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Hillcrest Roots

The gardens in a Southeast neighborhood show off a community’s colors.

Alexis Simendinger’s yard has waxy orange lilies, hummingbirds and foxes that dart among her flowers and her neighbor’s pear trees, and blazing-red Birds of Paradise. “It’s like living in a park—a park in a city,” she told a crowd who was granted a rare look inside her oasis during her neighborhood’s 17th annual garden tour last Saturday.

Just east of the Anacostia River is an area whose residents are determined to make it the jewel of Southeast DC. Hillcrest has rolling hills, red-brick colonial homes, and bird’s-eye view of Capitol Hill. Its well-loved and well-tended gardens are home to mayoral hopeful Vincent Gray.

During its annual garden tour, Hillcrest residents open their doors to the rest of the community, deck their patio tables with sweets, and show off carefully tended lawns to visitors and neighbors, some out in their Sunday best.

For a neighborhood that doesn’t get a lot of stray traffic, this is a much-anticipated event. To highlight his garden’s facelift after snowstorms demolished his front yard, Gregory Hudson drafted a speech, which he read to about 80 people. He received a shiny, hand-painted rock—a garden-tour tradition—for participating.

Hillcrest is called the “Georgetown of Southeast,” but the neighborhood wants to be something between a gated community and a hotspot. Marvin Bowser, the first vice-president of the Hillcrest Community Civic Association, says, “We want this place to continue to be a managed secret.”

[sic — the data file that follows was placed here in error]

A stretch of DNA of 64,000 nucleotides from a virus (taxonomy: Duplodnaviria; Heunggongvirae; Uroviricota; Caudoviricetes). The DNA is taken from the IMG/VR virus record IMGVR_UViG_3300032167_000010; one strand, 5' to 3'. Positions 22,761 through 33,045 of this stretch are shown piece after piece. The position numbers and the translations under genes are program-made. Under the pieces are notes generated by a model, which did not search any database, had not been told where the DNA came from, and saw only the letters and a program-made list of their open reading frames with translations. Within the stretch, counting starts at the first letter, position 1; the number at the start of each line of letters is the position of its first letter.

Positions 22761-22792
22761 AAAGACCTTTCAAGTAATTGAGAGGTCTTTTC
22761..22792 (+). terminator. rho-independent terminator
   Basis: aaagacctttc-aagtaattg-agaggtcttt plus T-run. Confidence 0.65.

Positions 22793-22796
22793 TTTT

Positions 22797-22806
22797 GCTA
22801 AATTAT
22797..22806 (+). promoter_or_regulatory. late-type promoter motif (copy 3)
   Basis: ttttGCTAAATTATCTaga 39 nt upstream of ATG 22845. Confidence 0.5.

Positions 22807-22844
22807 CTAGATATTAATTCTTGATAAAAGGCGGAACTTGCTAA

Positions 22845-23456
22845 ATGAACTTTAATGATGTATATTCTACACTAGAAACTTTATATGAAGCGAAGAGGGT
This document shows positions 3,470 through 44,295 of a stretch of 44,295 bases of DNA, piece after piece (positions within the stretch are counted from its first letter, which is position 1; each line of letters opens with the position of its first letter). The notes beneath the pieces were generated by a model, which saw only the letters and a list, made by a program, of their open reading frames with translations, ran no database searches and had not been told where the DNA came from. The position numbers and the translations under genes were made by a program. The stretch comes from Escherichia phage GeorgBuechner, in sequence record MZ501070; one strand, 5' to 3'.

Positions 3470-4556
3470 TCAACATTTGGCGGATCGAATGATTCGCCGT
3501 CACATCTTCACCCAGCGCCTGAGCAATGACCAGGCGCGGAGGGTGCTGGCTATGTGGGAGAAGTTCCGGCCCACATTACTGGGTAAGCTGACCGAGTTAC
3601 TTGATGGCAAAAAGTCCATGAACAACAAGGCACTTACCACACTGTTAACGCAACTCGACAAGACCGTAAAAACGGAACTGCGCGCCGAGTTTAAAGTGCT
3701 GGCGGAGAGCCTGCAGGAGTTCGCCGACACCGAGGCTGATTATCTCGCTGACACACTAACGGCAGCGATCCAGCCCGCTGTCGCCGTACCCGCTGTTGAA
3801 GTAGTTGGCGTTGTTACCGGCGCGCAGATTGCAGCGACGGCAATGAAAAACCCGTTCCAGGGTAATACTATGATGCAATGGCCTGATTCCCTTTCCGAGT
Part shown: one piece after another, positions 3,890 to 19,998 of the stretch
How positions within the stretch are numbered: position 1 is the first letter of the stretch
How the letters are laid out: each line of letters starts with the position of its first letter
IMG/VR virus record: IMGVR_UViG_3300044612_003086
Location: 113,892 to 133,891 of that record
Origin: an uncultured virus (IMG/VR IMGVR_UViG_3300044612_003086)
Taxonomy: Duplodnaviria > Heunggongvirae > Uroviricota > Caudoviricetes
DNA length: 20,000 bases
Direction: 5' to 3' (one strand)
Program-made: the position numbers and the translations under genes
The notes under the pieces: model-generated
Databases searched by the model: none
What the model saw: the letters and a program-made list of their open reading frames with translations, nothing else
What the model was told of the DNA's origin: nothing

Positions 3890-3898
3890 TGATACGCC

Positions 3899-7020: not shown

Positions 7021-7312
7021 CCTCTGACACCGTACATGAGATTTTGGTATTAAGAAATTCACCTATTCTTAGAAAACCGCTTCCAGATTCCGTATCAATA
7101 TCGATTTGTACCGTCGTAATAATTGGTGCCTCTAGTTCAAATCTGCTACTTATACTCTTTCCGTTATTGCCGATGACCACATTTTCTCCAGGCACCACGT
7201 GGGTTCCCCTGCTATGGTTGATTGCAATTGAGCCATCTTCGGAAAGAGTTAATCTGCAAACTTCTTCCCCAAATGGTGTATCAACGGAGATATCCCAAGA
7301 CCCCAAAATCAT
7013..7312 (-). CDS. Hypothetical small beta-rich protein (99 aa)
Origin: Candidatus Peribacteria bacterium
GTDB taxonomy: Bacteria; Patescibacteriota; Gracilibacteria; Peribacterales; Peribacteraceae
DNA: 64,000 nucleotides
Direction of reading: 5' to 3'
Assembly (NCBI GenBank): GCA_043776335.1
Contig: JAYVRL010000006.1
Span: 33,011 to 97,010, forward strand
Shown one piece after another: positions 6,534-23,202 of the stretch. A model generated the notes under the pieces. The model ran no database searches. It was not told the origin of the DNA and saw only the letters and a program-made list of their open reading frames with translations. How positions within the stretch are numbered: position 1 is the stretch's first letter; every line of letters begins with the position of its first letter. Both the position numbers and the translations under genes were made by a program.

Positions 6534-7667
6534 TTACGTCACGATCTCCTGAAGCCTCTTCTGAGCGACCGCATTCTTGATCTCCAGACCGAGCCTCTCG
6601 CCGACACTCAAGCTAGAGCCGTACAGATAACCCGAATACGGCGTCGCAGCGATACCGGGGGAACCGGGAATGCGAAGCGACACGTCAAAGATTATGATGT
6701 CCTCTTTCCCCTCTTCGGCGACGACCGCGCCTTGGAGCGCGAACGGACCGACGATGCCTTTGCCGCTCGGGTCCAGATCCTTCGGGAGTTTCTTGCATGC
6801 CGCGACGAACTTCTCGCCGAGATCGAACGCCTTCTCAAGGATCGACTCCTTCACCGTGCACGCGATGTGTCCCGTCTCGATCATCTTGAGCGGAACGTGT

The shared sense of protection makes for a close-knit neighborhood. Charlotte Brookins-Hudson, the self-styled Mayor of Westover—the street she lives on—has organized block parties and circulated community death notices for the past 20 years. “Sometimes I get tired doing this. I think, ‘why me?’ ” she said. “But we need to continue to build this community.”

For Joel LeBeau, who just moved here last year with her musician son, her new Hillcrest home is the first she’s owned since her New Orleans home was destroyed after Hurricane Katrina. As she sits on her porch, sipping iced juices and greeting neighbors, the avid oil painter and administrative assistant at the US Trade Representative’s Office marvels about the studio that she’s set up in her new home and the community she’s building around her.

“I’ve never been able to have a studio before, and now I do,” she says in amazement. “Now I just need to do up my yards like those beautiful yards we saw on the tour.”

Building up the image of this neighborhood takes the same painstaking effort as manicuring a lawn. Veronica Davis, a local blogger, recalls constantly having to pick up liquor bottles and other debris when she went on morning walks. But after a community impact statement targeted at negative influences around her block in Fairfax Village—a group of townhouses and garden apartments in Hillcrest—she says, “It’s been so peaceful. You can’t imagine what my neighborhood was like compared to now.”

She calls herself a Pollyanna character who’ll fight for change until she gets it. Now all she needs is for DC residents west of the river to realize what they’re missing.

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